People of such a warm temperament may contemplate the death of Christ with many tears, and with as little humility as would attend the reading of any other tragedy; because they view the subject superficially. Did they contemplate the death of Christ in all its relations to other truths, they would draw from it abundant reasons for humility. They would see in it the majesty and justice of God, the condemnation of sin, their own ill deserts, and how much was necessary to be done to save them from eternal death.
But their views being superficial, their minds are ardent and tender, but not humble. And when they talk of the death of Christ, they address nothing in others but carnal feelings; and though they may be vehement and eloquent, and make their hearers weep, they never make them humble.
There are two very different kinds of religion even among men generally reputed as orthodox.
One is connected with enlarged spiritual knowledge, with solemn, reverential views of God, with a deep sense of the ruin and dependence of human nature, and of the danger of self-deception. It is judicious, deep, and cautious. It is retired, modest, unpresuming, and scarcely lifts so much as an eye to Heaven.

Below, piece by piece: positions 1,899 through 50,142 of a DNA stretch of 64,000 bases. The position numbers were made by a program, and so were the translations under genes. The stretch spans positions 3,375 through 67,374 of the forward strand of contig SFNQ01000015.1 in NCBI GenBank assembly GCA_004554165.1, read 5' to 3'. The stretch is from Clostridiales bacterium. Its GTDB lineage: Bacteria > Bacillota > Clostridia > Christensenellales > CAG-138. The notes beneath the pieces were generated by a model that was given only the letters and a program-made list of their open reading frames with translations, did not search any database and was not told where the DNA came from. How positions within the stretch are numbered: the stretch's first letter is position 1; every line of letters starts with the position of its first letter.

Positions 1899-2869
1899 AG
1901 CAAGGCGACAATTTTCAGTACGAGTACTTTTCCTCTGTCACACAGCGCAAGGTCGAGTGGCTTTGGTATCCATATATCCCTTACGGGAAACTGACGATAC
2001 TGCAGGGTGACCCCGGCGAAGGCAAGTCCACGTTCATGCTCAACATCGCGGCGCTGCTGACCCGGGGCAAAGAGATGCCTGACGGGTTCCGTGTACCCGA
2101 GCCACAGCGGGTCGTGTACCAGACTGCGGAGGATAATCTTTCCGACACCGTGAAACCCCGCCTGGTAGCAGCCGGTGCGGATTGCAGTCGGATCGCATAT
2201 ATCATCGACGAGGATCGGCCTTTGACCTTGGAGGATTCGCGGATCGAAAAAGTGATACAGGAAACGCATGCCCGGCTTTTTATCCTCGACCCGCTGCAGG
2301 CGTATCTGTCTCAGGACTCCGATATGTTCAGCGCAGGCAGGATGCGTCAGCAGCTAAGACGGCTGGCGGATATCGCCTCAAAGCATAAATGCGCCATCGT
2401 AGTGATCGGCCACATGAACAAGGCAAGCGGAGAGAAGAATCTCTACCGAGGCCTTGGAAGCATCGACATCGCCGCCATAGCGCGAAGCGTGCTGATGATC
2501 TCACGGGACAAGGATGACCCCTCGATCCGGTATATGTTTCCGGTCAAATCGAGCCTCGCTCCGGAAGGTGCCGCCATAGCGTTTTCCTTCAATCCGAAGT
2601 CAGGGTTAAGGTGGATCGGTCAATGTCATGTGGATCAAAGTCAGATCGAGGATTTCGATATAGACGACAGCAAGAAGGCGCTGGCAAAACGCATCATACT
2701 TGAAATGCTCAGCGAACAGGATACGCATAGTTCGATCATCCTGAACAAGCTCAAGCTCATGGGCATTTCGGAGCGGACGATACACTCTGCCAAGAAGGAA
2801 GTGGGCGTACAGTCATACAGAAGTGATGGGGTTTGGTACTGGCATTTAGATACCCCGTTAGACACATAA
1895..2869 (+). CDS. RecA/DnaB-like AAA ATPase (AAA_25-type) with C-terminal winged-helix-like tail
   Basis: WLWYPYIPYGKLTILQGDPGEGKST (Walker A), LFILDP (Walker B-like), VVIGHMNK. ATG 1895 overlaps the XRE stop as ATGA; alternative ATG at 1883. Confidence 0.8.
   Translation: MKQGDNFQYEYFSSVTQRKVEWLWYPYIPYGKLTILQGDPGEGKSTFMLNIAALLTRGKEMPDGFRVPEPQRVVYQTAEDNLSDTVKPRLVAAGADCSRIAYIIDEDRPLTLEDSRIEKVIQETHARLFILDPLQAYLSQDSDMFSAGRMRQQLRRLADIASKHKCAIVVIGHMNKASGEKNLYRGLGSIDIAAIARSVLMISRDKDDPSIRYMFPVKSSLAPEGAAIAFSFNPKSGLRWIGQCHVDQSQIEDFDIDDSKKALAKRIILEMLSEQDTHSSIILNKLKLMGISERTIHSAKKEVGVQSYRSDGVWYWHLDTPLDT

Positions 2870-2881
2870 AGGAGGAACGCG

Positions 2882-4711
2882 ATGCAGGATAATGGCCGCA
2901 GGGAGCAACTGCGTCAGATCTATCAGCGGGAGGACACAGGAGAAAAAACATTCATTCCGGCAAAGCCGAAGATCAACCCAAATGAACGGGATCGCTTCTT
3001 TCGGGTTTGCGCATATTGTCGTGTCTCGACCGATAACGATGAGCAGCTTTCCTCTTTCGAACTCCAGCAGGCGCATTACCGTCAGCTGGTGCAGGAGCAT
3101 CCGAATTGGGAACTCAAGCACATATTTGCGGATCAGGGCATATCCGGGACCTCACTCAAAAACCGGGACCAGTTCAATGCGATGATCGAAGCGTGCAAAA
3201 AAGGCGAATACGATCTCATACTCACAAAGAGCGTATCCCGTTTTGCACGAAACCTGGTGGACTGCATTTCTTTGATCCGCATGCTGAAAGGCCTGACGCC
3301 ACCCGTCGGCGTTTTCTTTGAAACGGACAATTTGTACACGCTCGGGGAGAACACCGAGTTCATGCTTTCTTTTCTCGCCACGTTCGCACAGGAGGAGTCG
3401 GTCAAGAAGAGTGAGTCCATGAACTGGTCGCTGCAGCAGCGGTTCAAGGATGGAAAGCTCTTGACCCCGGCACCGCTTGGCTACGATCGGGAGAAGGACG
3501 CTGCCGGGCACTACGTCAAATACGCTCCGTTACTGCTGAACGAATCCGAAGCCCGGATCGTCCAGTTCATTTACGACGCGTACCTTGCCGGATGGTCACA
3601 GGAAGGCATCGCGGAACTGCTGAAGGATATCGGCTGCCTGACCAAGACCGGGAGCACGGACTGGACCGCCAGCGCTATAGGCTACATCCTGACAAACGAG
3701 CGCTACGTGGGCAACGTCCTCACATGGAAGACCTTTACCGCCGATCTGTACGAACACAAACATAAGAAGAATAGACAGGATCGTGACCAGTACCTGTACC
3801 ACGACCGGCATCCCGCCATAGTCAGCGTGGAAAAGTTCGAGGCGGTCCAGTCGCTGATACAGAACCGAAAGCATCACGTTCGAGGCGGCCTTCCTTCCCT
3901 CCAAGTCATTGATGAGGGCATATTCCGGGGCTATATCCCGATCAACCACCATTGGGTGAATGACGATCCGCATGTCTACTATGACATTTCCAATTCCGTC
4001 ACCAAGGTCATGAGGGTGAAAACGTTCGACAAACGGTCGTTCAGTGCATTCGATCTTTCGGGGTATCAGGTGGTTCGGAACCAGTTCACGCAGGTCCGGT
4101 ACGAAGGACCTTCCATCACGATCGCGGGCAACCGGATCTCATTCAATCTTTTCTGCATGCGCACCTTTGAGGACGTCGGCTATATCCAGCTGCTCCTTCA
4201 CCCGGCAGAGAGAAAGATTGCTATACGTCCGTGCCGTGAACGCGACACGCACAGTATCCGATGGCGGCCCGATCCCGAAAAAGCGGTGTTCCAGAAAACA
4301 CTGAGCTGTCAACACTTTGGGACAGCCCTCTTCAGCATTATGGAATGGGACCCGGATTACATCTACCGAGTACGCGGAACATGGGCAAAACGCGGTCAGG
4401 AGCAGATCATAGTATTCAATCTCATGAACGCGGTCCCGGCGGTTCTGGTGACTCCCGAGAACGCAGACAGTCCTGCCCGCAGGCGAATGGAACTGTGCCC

The other kind is more ignorant, superficial, and showy. It consists chiefly in carnal feelings and flights of imagination. It is vehement, brilliant, and rash. It has little self-distrust, because it has little knowledge. If it prays, its breath is ardent and its manner may be popular — but the humble always feel that something is lacking. If it talks of religion, the very truth in its mouth is chilling, and shines and glares without heat. It is always on wing, displaying its splendid plumes — but never creeps silently along in the valley of humility. It evidently appears more studious to shine — than to be abased.
Such a religion, though it may attract the eyes of men and cover its possessors with glory — will never do any good, but will do incalculable mischief. It will never convert or save a soul, but will gradually introduce a fashion in religion, which, if not checked, may lead to a general apostasy as great as that of Rome.
Humble religion has unspeakably the greatest power over the consciences of men. When you are in company with humble Christians, and mark their self-distrust and reverence for God, you feel that religion is a sacred thing, widely different from the spirit of the world, and you tremble at the danger of self-deception. Sins which appeared trivial before, now appear great. You are filled with a solemn concern to examine the foundation of your hope, and begin to pant with unusual desires after growth in grace.